Rear Shock FOX FLOAT X2 Factory 147 mm
Seatpost Bike Yoke Revive 180 mm
Brakes Shimano XT 4-piston 203/180 mm
Drivetrain Shimano XT 32/10-51
Stem Thomson Elite X4 50 mm
Handlebar Ibis Carbon 780 mm
Wheelset Ibis S35 Carbon/Industry 9 Hydra
Tires MAXXIS Assegai MaxxTerra EXO+ 2.5"/2.5"
Size S M L XL
Weight 14.04 kg
The geometry of the Ripmo V2 – Everything within reason
When it comes to geometry, Ibis have ticked all the right boxes. The Ripmo has a very short 432 mm seat tube while offering enough insertion depth to have the possibility of mounting a long travel dropper post. The 475 mm reach in size L has been well chosen, though the chainstays are rather short at 435 mm. The respective head and seat tube angles of 64.9 ° and 76° are absolutely on point for a modern trail/enduro bike and the bottom bracket height isn’t out of the ordinary either. An ordinary bike, then? Take it out on the trail and you’ll soon realise that’s not the case.
|Seat tube||368 mm||406 mm||432 mm||483 mm|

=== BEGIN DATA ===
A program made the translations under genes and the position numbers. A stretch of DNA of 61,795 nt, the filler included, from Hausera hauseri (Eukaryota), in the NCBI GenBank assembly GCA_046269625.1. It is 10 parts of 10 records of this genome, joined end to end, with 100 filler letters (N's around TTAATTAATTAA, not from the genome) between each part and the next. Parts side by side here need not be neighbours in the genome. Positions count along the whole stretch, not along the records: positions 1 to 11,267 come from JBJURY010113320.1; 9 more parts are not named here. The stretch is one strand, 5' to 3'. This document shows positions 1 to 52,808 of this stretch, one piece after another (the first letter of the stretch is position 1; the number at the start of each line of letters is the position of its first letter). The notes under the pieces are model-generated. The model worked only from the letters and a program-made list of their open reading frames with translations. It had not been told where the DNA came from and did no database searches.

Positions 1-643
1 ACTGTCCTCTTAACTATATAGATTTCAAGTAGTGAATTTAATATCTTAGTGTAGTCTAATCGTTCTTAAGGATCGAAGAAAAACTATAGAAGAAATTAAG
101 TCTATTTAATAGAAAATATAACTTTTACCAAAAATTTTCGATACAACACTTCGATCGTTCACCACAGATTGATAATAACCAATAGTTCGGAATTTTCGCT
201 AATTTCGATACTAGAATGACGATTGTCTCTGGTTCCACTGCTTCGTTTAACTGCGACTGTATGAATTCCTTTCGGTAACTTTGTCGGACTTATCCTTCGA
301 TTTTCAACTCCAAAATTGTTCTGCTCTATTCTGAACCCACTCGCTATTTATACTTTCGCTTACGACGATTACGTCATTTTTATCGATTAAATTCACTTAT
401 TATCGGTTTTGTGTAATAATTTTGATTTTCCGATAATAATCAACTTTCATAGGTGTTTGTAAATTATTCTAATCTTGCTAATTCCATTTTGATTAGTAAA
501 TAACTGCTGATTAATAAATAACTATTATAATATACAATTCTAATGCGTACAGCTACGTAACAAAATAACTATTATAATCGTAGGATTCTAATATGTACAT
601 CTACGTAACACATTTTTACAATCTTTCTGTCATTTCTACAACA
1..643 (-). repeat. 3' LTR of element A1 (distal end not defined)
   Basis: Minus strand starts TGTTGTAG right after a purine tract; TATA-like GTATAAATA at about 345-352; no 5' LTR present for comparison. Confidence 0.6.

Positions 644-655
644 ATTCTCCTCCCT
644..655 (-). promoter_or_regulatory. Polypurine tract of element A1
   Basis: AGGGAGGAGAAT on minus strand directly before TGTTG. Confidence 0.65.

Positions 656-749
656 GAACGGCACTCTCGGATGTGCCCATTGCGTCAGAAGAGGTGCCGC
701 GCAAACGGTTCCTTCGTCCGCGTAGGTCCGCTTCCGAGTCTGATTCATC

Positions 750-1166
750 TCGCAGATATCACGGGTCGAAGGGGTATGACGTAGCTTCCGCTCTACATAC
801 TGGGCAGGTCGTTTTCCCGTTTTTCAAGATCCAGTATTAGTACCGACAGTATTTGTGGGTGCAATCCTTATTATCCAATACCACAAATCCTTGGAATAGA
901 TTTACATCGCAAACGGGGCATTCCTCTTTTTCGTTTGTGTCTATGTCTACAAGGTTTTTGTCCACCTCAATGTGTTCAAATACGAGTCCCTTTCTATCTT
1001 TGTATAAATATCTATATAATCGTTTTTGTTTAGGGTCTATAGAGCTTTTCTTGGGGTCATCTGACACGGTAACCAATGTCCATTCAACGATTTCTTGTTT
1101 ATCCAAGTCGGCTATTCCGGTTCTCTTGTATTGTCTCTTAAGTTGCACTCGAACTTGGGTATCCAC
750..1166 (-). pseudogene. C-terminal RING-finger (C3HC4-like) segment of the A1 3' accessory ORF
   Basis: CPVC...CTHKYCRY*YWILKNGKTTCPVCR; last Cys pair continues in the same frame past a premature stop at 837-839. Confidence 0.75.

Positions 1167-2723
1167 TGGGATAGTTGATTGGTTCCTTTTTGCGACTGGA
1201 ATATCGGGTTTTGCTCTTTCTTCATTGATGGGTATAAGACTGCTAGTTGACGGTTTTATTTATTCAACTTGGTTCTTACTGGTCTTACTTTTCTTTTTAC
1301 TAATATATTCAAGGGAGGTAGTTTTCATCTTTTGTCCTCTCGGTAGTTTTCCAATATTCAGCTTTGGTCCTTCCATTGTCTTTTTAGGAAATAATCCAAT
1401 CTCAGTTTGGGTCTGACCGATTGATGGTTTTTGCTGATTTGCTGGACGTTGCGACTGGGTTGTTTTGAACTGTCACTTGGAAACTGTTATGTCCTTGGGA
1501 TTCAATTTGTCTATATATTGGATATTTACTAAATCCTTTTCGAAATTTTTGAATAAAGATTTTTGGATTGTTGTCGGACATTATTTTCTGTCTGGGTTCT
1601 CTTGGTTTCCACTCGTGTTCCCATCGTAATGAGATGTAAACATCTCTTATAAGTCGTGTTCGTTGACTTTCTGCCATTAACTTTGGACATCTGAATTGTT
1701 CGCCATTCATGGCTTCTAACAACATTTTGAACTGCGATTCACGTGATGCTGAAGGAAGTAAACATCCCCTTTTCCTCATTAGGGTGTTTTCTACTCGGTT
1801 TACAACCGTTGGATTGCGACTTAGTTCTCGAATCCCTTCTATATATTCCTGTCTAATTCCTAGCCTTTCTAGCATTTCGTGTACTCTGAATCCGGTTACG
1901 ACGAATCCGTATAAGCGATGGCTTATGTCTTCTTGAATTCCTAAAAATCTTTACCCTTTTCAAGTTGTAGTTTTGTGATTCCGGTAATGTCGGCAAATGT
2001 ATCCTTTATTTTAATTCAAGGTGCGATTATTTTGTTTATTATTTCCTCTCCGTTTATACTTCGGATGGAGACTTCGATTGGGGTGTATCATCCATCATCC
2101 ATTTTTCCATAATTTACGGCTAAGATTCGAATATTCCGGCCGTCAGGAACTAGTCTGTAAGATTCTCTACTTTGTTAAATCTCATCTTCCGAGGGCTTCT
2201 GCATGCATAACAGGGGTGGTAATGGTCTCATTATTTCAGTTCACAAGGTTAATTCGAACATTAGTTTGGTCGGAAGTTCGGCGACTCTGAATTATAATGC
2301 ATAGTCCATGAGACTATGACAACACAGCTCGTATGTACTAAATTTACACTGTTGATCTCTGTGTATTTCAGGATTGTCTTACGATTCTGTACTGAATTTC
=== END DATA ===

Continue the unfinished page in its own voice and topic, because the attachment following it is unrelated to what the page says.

|Top tube||573 mm||603 mm||632 mm||655 mm|
|Head tube||90 mm||100 mm||110 mm||120 mm|
|Chainstays||435 mm||435 mm||435 mm||435 mm|
|BB Drop||30 mm||30 mm||30 mm||30 mm|
|Wheelbase||1,187 mm||1,219 mm||1,238 mm||1,267 mm|
|Reach||433 mm||460 mm||475 mm||500 mm|
|Stack||609 mm||619 mm||628 mm||640 mm|
It couldn’t be more relaxed – The Ripmo is in a class of its own on the climbs!
Ibis have done everything right here! The Ripmo V2 is in a class of its own on the climbs. The riding position is spot on! Not too compact in flat terrain but still perfectly centred on steep inclines, you won’t want to get off once you’ve swung your leg over it. Thanks to the efficient chassis, lightweight wheels and quick engagement of the freehub, the bike willingly sprints forward, offering a lot of control and responsive handling even when things get technical.
Though you’re positioned centrally on the bike when riding downhill, you don’t feel as integrated between the wheels as you do on the best bikes in the test. Despite the moderate reach and reasonably slack head angle, the front wheel tends to feel unsettled on flat sections and requires an active riding style to keep in control. If you’re not careful, the front wheel will quickly oversteer in open, flat corners.